Stack Overflow is a community of 4.7 million programmers, just like you, helping each other.

Join them; it only takes a minute:

Sign up
Join the Stack Overflow community to:
  1. Ask programming questions
  2. Answer and help your peers
  3. Get recognized for your expertise

Douglas Crockford describes the consequence of JavaScript inquiring a node's style. How simply asking for the margin of a div causes the browser to 'reflow' the div in the browser's rendering engine four times.

So that made me wonder, during the initial rendering of a page (or in Crockford's jargon a "web scroll") is it faster to write CSS that defines only the non-zero/non-default values? To provide an example:



  margin:0 0 0 2px;  

I know consequence of this 'savings' is insignificant, but I think it is still important to understand how the technologies are implemented. Also, this is not a question about formatting CSS--this is a question about the implementations of browsers rendering CSS.


share|improve this question
up vote 1 down vote accepted

No, depending on your browser, it will unpack the values in different ways before even applying the styles, and in Firefox, it would have a slight effect on the execution speed. It's a good idea to use shorthand CSS either way though.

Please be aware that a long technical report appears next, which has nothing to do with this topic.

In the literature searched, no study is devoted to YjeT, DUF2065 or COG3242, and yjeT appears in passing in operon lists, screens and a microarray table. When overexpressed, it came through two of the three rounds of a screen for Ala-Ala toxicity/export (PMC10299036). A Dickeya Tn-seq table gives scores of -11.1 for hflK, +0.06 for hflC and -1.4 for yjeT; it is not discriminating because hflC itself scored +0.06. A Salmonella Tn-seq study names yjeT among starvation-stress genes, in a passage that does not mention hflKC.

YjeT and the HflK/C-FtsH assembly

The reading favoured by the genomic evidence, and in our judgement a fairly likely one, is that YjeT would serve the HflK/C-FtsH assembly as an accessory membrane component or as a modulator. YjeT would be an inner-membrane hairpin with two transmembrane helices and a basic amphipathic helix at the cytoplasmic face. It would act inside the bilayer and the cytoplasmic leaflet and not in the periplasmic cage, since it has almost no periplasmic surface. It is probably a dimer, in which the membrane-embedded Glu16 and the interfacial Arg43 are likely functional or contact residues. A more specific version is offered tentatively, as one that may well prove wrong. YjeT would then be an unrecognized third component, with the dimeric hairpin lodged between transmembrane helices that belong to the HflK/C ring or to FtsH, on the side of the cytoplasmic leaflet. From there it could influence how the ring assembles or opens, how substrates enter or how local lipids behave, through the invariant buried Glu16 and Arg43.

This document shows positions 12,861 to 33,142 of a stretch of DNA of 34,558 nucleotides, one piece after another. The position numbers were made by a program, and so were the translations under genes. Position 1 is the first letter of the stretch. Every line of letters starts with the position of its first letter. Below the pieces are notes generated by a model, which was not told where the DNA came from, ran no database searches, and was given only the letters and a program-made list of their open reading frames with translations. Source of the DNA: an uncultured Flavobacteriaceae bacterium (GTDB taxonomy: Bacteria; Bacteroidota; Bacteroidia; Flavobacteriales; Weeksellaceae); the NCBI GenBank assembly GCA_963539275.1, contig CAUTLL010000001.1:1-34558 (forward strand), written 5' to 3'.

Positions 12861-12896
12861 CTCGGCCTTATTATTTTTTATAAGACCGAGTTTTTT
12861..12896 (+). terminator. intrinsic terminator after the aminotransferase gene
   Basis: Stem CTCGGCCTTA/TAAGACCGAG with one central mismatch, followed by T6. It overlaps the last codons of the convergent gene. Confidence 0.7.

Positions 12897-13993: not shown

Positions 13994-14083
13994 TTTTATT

If you want to understand how it works, Firefox, unpacks the value:

{margin: 0 0 0 2px;}


{margin-top: 0pt;margin-right: 0pt;margin-bottom: 0pt;margin-left: .04pt;}

before applying the styles to the page. This is for normalization.

*(.04pt is an estimation)

share|improve this answer

I am not sure if it "renders" any faster. BUT: The second version is a few bytes larger than the first version. (And I would assume that the network is slower than the page render time, making the first version actually "render faster")

share|improve this answer

Your Answer


By posting your answer, you agree to the privacy policy and terms of service.

Not the answer you're looking for? Browse other questions tagged or ask your own question.